Segment C heralds the process of shifting metric emphasis from I to V by presenting those chords in alternation. Although D major and A major retain their tonic and dominant functions, the juxtaposition pre- pares a later realignment, while increased rhythmic activity enhances motion. Segment D begins the modulation proper by introducing the dominant of the dominant. Yet it does so tentatively, inverting that chord against a tonic pedal and avoiding metric emphasis of the domi- nant chord itself. Segment E provides this emphasis by extending V/V to put V on the downbeat in m. 29. However, the potential full cadence is undercut by the continuing tonic pedal (mm. 27-28), creating con- flicting bass motion from scale degree 1 to 5 in D major (mm. 28-29). The music balances uncertainly between tonic and dominant, between half cadence and full. Segment F reasserts the tonic, oscillating between I and V chords in D major as segment C had previously. Yet unlike C, segment F accents the dominant (at two-measure intervals). By arpeg- giating A major, segment G punctuates the half cadence prefigured by segment E, continuing the process of weakening tonic closure. The en- suing measures deflect this process as segment B had previously: A2 re- laxes into the tonic and cadences in that key. Nonetheless, A2 continues to reorient the main theme by starting in the dominant, incorporating a pedal A throughout, and neither beginning nor ending its melody on the tonic pitch. A3 completes this reorientation by modulating and clos- ing on the dominant of the dominant.

    Segment H/A4, which might stand in uncomfortably for the "second theme," marks a watershed in the tonal process by initiating


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  • 448


    authentic cadences in the new key. Yet despite the relative stability of the remainder of the exposition, the process of rebalancing I and V continues. H/A4 transposes the alternation between tonic- and dominant-function chords (heard previously in segments C and F) to A major, juxtaposing V and V/V; it incorporates a dominant pedal in that key; and it cadences there after io measures (with scale degree 3 in the highest voice). I/A5 gives a more conclusive cadence in which the so- prano ends on the new tonic pitch. Moreover, it treats D as the sub- dominant of A, crystallizing the new relationship between those keys. This relationship is emphasized by segmentJ, which moves to A minor, which cannot function as a dominant. Segment K delays and empha- sizes the authentic cadences first implied and then completed by L. Seg- ments M and N proceed directly to full closes, fully integrating D major as the subdominant within cadential progressions. The final segment O makes no reference to D major.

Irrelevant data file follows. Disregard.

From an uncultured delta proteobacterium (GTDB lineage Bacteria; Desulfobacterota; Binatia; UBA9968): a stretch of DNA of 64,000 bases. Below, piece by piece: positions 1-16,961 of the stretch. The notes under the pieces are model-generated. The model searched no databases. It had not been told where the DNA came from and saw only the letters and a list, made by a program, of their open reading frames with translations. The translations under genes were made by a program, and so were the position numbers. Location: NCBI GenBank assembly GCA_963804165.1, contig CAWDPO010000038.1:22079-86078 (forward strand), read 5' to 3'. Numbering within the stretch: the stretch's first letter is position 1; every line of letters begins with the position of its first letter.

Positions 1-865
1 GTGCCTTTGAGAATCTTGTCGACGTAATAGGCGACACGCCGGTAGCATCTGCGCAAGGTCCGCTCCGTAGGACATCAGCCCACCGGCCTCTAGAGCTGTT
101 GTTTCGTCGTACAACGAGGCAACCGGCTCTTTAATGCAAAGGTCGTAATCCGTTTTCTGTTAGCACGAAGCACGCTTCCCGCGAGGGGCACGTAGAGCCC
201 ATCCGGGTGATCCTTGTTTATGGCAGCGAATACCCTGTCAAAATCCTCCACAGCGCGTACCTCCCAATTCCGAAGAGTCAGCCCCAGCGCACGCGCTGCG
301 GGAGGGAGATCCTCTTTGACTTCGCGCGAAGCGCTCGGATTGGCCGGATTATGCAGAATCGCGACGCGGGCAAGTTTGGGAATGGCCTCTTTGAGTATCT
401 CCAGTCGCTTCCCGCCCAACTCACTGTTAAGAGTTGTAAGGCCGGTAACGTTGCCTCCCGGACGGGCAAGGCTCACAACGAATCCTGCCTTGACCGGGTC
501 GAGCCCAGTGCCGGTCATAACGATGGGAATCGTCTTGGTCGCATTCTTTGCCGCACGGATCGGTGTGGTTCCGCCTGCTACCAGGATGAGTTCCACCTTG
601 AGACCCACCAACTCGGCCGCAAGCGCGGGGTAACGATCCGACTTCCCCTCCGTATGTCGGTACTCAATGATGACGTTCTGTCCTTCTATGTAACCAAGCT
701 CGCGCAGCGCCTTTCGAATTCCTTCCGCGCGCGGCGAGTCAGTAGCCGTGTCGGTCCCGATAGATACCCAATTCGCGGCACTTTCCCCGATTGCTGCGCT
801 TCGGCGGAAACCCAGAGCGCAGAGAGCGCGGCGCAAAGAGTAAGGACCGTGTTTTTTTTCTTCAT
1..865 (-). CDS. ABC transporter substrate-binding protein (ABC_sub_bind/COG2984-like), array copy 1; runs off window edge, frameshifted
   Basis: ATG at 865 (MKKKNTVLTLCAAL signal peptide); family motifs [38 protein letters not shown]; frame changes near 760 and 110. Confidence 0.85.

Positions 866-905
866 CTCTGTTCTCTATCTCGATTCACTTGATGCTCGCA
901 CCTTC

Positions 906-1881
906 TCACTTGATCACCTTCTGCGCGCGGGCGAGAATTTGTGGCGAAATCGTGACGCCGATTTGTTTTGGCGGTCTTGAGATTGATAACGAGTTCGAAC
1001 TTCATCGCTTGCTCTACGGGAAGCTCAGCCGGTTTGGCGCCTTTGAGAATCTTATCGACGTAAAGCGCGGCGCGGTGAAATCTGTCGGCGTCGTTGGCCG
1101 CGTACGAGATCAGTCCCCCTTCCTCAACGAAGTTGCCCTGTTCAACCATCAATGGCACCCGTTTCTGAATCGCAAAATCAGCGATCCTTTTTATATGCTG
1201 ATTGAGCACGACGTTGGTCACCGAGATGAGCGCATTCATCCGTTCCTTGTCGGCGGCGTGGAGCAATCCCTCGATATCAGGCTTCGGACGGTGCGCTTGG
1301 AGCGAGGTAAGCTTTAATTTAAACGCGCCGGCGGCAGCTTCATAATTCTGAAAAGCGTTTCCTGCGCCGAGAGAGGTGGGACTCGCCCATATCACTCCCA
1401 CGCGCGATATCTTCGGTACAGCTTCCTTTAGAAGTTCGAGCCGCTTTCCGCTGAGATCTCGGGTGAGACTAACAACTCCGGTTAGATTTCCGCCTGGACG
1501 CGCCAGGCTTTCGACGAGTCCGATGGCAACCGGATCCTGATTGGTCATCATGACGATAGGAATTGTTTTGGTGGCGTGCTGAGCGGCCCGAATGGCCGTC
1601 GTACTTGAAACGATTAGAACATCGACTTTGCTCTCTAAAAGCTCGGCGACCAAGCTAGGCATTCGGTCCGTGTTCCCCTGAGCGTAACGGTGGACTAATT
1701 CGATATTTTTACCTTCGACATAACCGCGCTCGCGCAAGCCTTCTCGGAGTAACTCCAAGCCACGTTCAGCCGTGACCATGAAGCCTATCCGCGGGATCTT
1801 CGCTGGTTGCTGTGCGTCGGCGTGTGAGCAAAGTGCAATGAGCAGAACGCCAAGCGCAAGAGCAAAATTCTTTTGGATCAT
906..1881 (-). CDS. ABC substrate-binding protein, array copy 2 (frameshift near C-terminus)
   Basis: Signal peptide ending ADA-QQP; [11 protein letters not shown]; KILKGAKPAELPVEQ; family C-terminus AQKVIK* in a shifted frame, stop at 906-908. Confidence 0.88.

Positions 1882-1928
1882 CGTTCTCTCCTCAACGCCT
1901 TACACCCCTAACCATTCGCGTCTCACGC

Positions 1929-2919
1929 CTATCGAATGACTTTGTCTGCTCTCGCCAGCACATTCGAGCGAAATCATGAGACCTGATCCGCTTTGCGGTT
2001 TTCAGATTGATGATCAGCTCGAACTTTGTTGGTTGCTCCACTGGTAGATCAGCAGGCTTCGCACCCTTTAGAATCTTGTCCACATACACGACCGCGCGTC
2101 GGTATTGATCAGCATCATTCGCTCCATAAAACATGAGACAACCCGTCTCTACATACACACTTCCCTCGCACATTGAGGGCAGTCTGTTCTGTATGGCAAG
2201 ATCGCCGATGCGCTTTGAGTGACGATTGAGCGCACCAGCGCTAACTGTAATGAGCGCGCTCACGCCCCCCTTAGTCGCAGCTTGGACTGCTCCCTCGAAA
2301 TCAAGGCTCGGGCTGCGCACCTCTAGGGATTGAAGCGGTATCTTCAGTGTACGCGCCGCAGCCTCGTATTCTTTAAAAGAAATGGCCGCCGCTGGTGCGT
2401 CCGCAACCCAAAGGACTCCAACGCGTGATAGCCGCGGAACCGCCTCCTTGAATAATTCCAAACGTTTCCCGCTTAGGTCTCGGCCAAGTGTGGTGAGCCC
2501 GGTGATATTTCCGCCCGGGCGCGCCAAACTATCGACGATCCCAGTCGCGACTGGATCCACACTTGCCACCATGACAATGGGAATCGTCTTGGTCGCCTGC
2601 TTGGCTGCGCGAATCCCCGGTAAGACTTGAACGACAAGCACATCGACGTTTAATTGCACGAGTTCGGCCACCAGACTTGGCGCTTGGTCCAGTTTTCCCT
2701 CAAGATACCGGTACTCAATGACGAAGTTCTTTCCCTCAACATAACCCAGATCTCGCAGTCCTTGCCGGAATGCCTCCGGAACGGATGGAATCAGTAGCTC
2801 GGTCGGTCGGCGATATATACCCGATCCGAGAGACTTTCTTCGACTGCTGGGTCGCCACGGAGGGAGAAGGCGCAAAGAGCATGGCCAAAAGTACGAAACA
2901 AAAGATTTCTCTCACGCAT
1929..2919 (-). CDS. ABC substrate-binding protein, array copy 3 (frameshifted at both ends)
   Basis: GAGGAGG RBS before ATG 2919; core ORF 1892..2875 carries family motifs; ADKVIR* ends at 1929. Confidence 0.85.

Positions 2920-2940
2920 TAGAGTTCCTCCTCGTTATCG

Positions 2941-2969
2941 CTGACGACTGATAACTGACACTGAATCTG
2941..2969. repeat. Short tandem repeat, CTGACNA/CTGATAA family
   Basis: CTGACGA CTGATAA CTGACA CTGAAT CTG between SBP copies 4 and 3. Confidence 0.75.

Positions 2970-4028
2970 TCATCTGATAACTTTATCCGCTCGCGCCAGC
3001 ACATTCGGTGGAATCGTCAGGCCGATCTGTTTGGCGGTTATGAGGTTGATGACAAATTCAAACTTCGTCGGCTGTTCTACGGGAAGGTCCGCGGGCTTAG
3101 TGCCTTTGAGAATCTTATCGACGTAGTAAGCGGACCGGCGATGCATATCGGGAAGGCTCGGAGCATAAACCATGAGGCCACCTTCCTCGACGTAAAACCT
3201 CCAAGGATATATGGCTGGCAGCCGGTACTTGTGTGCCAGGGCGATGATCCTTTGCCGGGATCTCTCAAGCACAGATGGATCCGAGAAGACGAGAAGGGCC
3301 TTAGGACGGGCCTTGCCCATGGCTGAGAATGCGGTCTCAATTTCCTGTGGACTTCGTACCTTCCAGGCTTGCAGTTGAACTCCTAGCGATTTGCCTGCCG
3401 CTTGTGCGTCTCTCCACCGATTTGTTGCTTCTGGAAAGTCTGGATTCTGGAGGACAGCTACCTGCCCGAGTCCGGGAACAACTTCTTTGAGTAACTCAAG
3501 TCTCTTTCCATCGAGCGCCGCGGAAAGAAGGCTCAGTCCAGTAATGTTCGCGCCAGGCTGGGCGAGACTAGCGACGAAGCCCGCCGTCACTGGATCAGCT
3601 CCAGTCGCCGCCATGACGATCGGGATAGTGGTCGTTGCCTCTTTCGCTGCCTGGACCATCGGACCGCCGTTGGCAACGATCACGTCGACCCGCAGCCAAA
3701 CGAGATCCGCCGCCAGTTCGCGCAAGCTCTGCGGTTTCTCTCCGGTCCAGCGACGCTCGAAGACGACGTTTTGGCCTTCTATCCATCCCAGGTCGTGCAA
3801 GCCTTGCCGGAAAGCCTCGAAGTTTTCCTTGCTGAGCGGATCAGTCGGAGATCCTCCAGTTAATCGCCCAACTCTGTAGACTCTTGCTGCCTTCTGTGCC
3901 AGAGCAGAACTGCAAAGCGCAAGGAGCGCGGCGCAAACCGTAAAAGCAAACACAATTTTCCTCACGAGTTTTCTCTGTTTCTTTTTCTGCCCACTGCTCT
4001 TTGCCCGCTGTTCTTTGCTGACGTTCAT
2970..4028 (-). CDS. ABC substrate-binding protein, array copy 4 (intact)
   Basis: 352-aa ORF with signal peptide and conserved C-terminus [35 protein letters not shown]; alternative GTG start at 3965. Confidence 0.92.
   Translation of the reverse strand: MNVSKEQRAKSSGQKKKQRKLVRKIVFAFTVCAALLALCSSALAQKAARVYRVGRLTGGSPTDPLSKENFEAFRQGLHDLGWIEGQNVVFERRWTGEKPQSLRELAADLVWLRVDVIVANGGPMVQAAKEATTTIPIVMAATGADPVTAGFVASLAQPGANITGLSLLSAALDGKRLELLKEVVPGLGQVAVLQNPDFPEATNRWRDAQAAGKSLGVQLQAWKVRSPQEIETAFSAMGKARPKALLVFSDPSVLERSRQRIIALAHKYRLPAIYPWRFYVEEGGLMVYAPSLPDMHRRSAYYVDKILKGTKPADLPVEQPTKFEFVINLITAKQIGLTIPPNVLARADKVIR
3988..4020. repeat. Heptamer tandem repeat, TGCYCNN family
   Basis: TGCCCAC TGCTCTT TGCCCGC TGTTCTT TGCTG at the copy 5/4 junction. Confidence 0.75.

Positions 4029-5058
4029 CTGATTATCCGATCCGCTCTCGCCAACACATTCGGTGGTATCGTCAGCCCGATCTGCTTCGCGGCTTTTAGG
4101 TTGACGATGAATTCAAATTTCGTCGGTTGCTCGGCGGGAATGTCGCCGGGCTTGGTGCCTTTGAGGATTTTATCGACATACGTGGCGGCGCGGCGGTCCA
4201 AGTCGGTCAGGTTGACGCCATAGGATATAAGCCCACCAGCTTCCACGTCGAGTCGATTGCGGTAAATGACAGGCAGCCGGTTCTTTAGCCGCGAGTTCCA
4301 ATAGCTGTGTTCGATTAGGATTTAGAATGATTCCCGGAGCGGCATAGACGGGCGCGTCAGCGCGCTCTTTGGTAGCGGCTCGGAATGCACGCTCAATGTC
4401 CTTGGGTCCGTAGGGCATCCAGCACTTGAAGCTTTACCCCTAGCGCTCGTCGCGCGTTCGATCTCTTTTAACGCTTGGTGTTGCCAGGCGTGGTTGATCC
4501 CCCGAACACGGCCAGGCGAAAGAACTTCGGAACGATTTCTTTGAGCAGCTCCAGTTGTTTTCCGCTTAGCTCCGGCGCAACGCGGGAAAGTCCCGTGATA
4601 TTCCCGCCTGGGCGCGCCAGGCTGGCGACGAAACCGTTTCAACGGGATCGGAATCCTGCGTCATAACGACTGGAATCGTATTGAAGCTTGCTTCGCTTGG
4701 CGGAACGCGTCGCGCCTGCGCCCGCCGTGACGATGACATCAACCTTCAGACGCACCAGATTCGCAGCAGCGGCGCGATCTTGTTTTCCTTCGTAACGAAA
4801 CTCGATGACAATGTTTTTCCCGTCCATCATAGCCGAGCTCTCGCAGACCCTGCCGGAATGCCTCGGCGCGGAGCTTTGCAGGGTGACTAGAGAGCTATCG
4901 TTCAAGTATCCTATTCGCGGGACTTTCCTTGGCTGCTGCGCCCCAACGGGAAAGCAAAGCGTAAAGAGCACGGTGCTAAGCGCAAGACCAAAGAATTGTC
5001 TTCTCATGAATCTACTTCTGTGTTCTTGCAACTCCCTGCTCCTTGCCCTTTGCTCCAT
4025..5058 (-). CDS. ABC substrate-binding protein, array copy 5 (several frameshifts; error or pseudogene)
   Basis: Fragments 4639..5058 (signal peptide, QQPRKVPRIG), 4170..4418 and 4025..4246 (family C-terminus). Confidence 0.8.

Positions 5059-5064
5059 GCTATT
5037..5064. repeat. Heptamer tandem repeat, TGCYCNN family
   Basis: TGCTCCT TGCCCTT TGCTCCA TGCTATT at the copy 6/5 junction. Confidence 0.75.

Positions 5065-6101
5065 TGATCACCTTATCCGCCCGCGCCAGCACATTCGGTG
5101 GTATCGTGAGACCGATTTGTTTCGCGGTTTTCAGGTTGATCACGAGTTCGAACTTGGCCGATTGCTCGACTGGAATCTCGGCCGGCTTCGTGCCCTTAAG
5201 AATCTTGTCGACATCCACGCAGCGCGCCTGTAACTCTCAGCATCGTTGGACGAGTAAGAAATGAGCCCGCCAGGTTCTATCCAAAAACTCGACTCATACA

This last series of thematic segments in the dominant further con- tributes to the process of convergence by providing an accelerating se- ries of punctuations in A major. Segments H/A4, I/A5, andJ establish a relatively broad periodic level by cadencing after ten, eight, and eight measures, respectively. K and L together maintain this level by implying a cadence after eight measures (at m. 82) which is completed two mea- sures later. Acceleration begins with segment M, which closes after 5 measures. Segment N then cadences twice over an A pedal at two mea- sure increments; O closes by returning to that pitch three times at one- measure and one-half-measure intervals.

    The organization of motives in the "Haffner" exposition mirrors this tonal process in which familiar materials are gradually relinquished and new ones adopted. Five variations of segment A are distributed across the first half of that section (mm. 1-66; see Figure 2A). They ex- tend and invert the background descent of that theme, progressively weaken its closure, shift its tonal orientation from tonic to dominant, and obscure by degrees motivic, textural, and structural similarities to the original melody. They are interspersed with more independent the- matic segments that contain motives x, y, and z from A without sharing its melodic contours (see Figure 2B). As noted in Table 1, four seg- ments are connected directly to segment A: segment B takes its initial rhythm and repeated notes from y, the semitone d-c# from x and its closing rhythm from z; C fills in the double octave delineated by x; D borrows its most distinctive rhythm and melodic contour from z (and its accompaniment scale from segment C); and F reduces the initial leap of x to a single octave, reverses its d-c# semitone, and compresses its rhythm (P r' g r instead of o

    r""hr). Two others come from A indirectly, sharing motives with segments that are based on A:

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    segment E echoes the sixteenth-note scales of C; G mimics the rhythm that ends B.43